The only reason I worked on an album is because Bill asked me to. The only reason I made that EP is because PTP asked me to, and the only reason I wrote a book is because the publisher asked me to. I know that sounds a bit lazy, but it's not about laziness. Obviously, I make music just for fun and I write just for fun, I have a huge archive, but I never really know what to do with it until something comes along. That's why I need context — to make me feel like there's a reason.
Do you think there are any similarities between the way you approach music and your mother’s opera work?
Not particularly. All my family had really crazy lives, including my mum. She moved to England by herself when she was quite young. She didn’t really speak English and opera was her whole life. She sings every day, she practices every day, she writes opera. I only grew up with her and I didn't like the sound of it. I still think it sounds horrible, I hate watching it, and I always hated it. The sound reminds me of my mum, which really stresses me out.
I don't have a really good relationship with her. It's hilarious that I've ended up doing music, but she obviously doesn't think it's a good thing. I studied law, she wanted me to be a lawyer, and when I started DJing, she was a bit like “what are you doing?” But, in theory, I'm kind of following her footsteps. In theory, that's what she did.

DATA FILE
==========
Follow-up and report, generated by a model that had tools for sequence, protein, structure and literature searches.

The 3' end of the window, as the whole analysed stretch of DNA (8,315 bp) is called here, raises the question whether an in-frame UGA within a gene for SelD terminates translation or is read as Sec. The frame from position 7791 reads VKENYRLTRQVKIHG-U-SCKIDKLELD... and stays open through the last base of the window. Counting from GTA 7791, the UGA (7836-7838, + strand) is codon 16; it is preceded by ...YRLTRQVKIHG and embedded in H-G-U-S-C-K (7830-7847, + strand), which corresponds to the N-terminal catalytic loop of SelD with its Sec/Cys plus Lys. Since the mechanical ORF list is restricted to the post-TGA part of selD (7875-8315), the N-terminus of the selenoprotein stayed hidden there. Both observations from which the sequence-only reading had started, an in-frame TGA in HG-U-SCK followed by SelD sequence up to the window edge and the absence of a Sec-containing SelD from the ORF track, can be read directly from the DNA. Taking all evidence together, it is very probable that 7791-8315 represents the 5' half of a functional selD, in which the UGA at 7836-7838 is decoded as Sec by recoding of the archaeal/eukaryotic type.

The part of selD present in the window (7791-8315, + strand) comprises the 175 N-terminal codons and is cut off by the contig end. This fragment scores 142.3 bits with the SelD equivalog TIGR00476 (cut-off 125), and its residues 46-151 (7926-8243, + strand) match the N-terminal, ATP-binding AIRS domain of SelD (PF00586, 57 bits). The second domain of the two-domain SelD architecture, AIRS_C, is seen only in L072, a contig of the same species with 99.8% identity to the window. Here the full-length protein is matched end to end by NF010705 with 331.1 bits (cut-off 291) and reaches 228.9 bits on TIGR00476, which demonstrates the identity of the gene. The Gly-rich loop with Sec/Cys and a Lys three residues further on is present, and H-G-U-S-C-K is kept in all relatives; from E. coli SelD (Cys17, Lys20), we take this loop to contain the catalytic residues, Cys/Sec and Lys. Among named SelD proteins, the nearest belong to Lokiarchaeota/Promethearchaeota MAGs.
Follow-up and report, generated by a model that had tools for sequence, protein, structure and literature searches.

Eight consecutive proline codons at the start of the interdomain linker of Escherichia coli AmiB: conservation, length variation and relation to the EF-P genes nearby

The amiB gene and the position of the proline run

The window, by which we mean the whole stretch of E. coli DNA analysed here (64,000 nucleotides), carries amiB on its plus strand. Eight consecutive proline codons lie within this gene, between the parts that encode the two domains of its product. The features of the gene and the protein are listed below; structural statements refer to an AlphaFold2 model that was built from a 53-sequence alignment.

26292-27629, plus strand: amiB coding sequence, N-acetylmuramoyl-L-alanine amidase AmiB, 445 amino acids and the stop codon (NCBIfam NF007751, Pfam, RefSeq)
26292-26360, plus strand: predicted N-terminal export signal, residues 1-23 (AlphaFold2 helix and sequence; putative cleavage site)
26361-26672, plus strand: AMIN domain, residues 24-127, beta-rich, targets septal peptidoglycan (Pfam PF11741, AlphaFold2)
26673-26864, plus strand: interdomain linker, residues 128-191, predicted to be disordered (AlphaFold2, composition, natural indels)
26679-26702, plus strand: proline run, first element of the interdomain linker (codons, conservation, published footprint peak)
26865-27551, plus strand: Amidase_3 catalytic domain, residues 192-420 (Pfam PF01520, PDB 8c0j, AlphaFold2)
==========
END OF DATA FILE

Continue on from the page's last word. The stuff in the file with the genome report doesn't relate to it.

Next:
It's quite funny, there’s this weird prophecy, how you end up doing these things you thought you were against. I never looked up to my mum, I never thought: “Oh, she's a singer, I want to be a singer.” I was like “I hate this stuff,” but I ended up doing my own version of it. I don't know if it influences my work but, obviously, I do reference her now because it's just ironic. When I did a show at Cafe OTO last year, I used a bunch of her instruments. She has all these really amazing bells, singing bowls, and string instruments.
Do you have a day job outside of music?
Yeah, I guess — this is where I'm talking from now. I'm working at this really boujee five-star hotel. I do events programming: everything from talks to film screenings to music. We had Tanasha (she's a big R'n'B singer), Travis Scott, Skepta, Charli XCX, so it's very different from what I'm personally interested in. This is what I did in Hong Kong as well. I always like having a separation between my creative output and work.
Basically, I left PAN at some point and used to work at Mixcloud. Then I left as well so that I could pursue creative projects, and I went mental, totally crazy. There was too much pressure on the art, like, “this is everything” and “that is your whole life,” so I got super depressed. In a similar way that I feel like I have to travel and move all the time, I have to be always doing a million things, so I prefer having my job and then work on stuff that I want separately.
You’ve mentioned there's an album coming, is there anything else you're working on right now?
I have a couple of collaborations currently. I'm working with Ausschuss for a fashion label. Also, I'm working with a jewelry designer and another friend who's a graphic designer. The jewelry designer works at Margiela in Paris, the graphic designer does lots of artwork for Hyperdub, and together we work on the project where I create sound and they interpret a physical version of it. I'm really excited about these projects that are not just music, but an interpretation of music.